Introduction: Shake Well: a Musical Aquarium of Glowing Plankton
Bioluminescent Plankton is a tiny organism that emits light when stressed. We want to take this magical light produced by bioluminescent plankton and translate it into music. We do so by putting the plankton in a transparent orb, then shake it to stimulate the plankton. A light sensor in the same dark room will pick up the light produced by the plankton, and our Arduino unit will render that signal into sound.
Credits: Our project was inspired by " Singing Plant. Make Your Plant Sing With Arduino, Touche and a Gameduino" and " Touche for Arduino: Advanced Touch Sensing." Instead of making your plant sing, we decided to make music from a living aquarium. We referenced " Arduino, Sensors, and MIDI." People who worked on this project are Henry Kim, Charlie Denton, and Edward Zhang. Edward brought up the concept of using Bioluminescent Plankton's light as the source of input, and handled getting the Plankton and the container, as well as writing the Instructables. The concept was further developed through collaboration and the team decided on making a sonification of the light signals. Charlie made the first mock up of the Arduino unit with photocell and completed a website for the project. He also came up with the name of the project and led the presentations. However, Edward and Charlie struggled with the issue that the prototype only produced a boring mono tone responding to the light levels. Henry made significant contributions by finalizing the hardware and writing the code, which solved the biggest challenge in this project--transforming Arduino readings into MIDI. He also helped with putting the coding steps on the website and the Instuctables.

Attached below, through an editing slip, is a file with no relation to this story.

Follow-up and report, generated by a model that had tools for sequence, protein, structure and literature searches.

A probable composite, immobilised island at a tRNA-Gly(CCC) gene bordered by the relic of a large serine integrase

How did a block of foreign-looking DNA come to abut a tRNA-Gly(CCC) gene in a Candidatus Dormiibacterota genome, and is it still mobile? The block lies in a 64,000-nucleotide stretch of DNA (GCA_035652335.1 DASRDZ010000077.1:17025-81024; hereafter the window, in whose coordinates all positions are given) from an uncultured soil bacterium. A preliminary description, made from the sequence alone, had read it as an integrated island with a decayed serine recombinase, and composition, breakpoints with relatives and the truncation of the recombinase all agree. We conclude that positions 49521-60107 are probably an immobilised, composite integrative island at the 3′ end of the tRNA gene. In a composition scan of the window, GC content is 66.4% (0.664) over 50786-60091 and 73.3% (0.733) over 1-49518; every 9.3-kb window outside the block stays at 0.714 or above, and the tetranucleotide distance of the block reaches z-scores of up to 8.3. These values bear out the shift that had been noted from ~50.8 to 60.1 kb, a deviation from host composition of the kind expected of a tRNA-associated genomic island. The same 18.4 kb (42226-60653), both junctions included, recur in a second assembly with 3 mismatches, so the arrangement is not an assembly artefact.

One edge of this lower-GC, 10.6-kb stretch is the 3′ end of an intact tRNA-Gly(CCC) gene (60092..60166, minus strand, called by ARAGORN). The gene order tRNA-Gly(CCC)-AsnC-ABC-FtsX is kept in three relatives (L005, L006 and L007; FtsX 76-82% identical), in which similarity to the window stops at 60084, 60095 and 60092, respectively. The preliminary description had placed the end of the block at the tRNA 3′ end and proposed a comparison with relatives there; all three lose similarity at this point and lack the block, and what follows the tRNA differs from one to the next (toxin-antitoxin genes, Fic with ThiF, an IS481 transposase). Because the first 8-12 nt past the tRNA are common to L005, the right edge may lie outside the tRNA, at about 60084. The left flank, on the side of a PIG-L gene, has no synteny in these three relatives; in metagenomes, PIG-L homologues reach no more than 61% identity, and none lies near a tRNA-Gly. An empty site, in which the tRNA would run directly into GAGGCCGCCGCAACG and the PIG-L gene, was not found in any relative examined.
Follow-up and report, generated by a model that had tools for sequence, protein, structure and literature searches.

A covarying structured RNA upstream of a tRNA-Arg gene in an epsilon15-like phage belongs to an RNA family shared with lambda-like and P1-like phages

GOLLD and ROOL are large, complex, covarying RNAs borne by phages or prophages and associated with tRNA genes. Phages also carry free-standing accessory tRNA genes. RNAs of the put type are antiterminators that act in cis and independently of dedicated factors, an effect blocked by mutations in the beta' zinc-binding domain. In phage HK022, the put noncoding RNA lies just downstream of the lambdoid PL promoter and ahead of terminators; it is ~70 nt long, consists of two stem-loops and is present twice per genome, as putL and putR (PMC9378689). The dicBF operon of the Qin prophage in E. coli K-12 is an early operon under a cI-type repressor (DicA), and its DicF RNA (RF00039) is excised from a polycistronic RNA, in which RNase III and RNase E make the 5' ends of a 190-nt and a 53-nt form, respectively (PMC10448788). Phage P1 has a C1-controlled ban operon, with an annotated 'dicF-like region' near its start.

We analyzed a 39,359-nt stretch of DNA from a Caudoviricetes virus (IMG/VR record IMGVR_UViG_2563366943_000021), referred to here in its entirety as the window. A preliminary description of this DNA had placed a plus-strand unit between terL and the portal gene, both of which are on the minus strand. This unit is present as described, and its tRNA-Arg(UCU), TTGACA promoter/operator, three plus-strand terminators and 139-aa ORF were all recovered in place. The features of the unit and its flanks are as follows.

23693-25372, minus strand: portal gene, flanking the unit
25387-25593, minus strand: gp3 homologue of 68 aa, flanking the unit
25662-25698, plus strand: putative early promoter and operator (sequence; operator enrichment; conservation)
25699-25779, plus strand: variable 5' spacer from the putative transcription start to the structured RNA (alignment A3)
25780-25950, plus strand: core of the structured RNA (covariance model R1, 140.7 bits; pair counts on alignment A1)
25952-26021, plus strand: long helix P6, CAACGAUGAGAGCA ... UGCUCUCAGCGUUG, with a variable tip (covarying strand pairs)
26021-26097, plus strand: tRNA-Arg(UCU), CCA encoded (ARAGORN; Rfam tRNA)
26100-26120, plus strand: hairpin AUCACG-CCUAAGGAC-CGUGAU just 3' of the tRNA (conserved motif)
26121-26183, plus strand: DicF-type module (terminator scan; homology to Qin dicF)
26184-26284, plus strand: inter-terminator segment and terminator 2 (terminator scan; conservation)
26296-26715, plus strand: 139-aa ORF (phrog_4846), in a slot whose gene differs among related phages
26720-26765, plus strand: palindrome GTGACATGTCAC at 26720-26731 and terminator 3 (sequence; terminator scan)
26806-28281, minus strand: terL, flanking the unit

Step 1: Components and Tools
Step 2: Assembling the Arduino Board
- Arduino Uno board
- A photocell component from the Arduino package
- Jump wires
- Arduino IDE
Assemble the board according to the graph provided
Step 3: Turn the Photocell Readings Into MIDI
While I was looking through how we can manipulate the number from a photocell to music, the first option was tone() function within Arduino. I played with the sample code and was able to hear sound, but wasn't satisfied. I wanted to use external software to make different sound. Therefore, I was able to find some information about Maxuino and Firmata. With Maxuino and Firmata uploaded on Arduino, I could connect my Arduino to Max 7(professional music software), and see the data coming from a photocell. However, the software was not easy to use and I was not able to find any good tutorial on how I could achieve my goal. In the end, I chose to find a different solution.
I found one at Instructables. "Arduino, Sensors, and MIDI" was super helpful on how I could use various sensors on Arduino to change the data to MIDI output. I used a sample code for a photocell and, with an extra software, was able to get the data from Arduino to MIDI output on GarageBand. -- Henry Kim
Step 4: Test Your Product
Congrats! You are done.
Put the Arduino board and the Plankton in the same dark room and test your product!